Here it is, last but not least, the blogpost about my night adventures in Berlin. You probably know it, and some of you might even have experienced it: in Berlin, partying is a lifestyle, a philosophy. Clubbing is part of the culture of the city, just like the Wall, vintage shops and Curry Wursts. Of course, you know me: I immediately felt happy as Larry, in my element!

The first night, after driving 800km, we were way too tired to do anything, and it was Wednesday anyway, so we weren’t really missing anything. But the day after, we woke up super excited already, and spent the day thinking about one thing: kicking-off the party week-end in style! So after a cosy dinner and a few drinks at the apartment, we decided to go to the Michel Berger Hotel, a place that had been recommended to us by a lot of people. Michel Berger is some kind of youth hostel, but nothing to do with the regular: it’s decorated with taste and has a very cool bar,  quite calm, open all day until 1 or 2 in the morning. We had amazing cocktails in a great environment, with good music. It really felt like the perfect place to meet up with some friends and start the party – and it’s probably just as nice during the day!

 

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The menu at the Michel Berger hotel/ photo @jeroendncl

Then, we went to the Chalet, a small club located in Kreuzberg that the friends we were with knew well. It actually doesn’t feel like a club at all, more like a house party: people dancing on the couches, DJ playing in a corner, mixed toilets (like more or less everywhere else in Berlin), people making out on the stairs…  We stayed there a couple of hours, dancing: the music was great! Then, we went to sleep, knowing we had a busy day ahead.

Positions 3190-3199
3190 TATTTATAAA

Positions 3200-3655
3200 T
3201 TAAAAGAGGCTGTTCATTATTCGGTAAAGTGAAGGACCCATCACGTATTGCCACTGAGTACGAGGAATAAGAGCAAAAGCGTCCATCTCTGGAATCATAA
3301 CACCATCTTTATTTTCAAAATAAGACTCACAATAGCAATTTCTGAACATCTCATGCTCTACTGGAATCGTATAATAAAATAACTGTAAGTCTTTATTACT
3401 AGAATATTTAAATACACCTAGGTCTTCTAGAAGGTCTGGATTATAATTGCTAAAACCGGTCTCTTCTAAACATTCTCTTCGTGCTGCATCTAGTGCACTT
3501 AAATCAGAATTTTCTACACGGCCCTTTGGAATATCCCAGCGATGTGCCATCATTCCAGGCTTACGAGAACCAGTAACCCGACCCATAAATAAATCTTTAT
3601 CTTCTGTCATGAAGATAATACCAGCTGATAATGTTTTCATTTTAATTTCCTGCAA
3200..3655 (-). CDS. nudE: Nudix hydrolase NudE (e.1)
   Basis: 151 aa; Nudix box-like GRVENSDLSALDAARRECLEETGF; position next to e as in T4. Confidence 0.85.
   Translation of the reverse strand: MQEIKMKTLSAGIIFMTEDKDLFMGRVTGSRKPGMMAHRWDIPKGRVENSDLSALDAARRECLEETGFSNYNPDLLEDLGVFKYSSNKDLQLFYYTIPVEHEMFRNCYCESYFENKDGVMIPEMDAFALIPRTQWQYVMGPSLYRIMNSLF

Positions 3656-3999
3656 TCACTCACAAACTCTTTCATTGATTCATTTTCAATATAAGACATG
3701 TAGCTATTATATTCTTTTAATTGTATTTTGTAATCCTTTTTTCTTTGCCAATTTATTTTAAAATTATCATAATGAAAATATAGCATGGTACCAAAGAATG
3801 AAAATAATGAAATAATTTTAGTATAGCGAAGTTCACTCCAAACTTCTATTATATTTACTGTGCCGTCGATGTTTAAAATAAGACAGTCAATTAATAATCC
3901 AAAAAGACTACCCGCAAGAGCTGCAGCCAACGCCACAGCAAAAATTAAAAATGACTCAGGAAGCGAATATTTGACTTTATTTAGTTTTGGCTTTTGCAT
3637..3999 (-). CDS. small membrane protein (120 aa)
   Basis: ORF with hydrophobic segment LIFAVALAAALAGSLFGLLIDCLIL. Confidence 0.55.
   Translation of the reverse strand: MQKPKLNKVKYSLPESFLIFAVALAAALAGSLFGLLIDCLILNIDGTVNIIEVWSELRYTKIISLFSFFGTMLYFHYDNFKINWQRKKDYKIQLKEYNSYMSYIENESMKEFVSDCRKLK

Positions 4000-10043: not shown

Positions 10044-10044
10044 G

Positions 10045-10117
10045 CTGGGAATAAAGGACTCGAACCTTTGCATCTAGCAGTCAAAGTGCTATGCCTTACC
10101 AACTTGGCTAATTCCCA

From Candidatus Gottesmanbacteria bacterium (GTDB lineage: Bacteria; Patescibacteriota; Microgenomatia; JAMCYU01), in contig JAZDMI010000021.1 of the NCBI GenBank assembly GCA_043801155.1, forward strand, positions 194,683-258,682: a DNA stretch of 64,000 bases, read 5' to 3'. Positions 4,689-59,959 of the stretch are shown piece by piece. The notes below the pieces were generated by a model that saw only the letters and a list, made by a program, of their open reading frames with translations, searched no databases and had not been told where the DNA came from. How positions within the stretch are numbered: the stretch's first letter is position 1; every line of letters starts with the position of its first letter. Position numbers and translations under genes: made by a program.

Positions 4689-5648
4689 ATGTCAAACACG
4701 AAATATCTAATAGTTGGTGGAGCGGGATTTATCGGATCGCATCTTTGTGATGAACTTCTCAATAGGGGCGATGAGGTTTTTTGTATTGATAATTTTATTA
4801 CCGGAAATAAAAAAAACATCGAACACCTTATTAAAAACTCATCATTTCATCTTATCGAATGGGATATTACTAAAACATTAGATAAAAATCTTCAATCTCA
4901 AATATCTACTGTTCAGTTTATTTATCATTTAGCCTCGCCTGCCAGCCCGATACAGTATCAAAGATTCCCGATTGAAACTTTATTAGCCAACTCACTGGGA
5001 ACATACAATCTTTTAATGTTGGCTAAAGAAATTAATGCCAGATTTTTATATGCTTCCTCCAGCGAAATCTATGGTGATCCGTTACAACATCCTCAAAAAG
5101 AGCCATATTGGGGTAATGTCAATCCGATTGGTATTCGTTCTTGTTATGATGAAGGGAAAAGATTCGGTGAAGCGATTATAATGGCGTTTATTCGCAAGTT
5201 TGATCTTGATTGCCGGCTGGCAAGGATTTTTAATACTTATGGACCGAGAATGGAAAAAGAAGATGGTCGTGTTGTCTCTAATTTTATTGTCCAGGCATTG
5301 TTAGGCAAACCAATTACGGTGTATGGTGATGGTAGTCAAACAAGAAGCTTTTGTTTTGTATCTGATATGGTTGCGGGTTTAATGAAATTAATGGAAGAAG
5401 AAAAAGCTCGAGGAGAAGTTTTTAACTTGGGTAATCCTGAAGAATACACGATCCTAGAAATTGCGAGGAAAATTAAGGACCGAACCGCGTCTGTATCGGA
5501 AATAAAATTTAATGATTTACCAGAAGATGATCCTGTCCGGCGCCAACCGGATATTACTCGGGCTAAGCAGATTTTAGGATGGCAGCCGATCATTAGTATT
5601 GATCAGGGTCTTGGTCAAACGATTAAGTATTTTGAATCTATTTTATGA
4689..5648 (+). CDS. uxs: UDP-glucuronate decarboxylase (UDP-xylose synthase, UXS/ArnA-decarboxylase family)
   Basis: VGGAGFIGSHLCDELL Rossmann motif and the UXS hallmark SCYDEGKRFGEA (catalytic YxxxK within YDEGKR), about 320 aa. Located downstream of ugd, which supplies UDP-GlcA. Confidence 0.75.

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Lamps decorated with magazines at the Michel Berger/ hotel photo @cpizzutilo

We actually spent Friday night on the couch, digesting the amazing pizza we had at Il Casolare and watching a movie. But Saturday, we finally got down to business!

After dinner, we headed to the hotel where I stayed last April with Sophie, the Mandala Hotel, because they have this great cocktail bar that I didn’t get the chance to check out last time. It is indeed worth a visit: they have a very large choice, very classy but not snobbish environment and very acceptable prices (about 10 euros for one drink).

 

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Some of the great cocktails at the Mandala hotel/ photo @jeroendncl

Around 1 am, even if it was a bit early to start, we decided to go to Kater Holzig, a young club that we had heard a lot about and were excited to discover. And boy, that was a smart choice! Not only did we arrive at the best moment to avoid a too long queue, but when we entered the club, the party had already started – or probably hadn’t really stopped since Thursday! This place is crazy, to say the least, it’s even a bit magic if you ask me (ok, I admit I was a bit drunk when we arrived but still). It looks like a squat turned into a playground for adults, with rooms everywhere, a Fotoautomat…

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The yard at Kater Holzig/ photo @cpizzutilo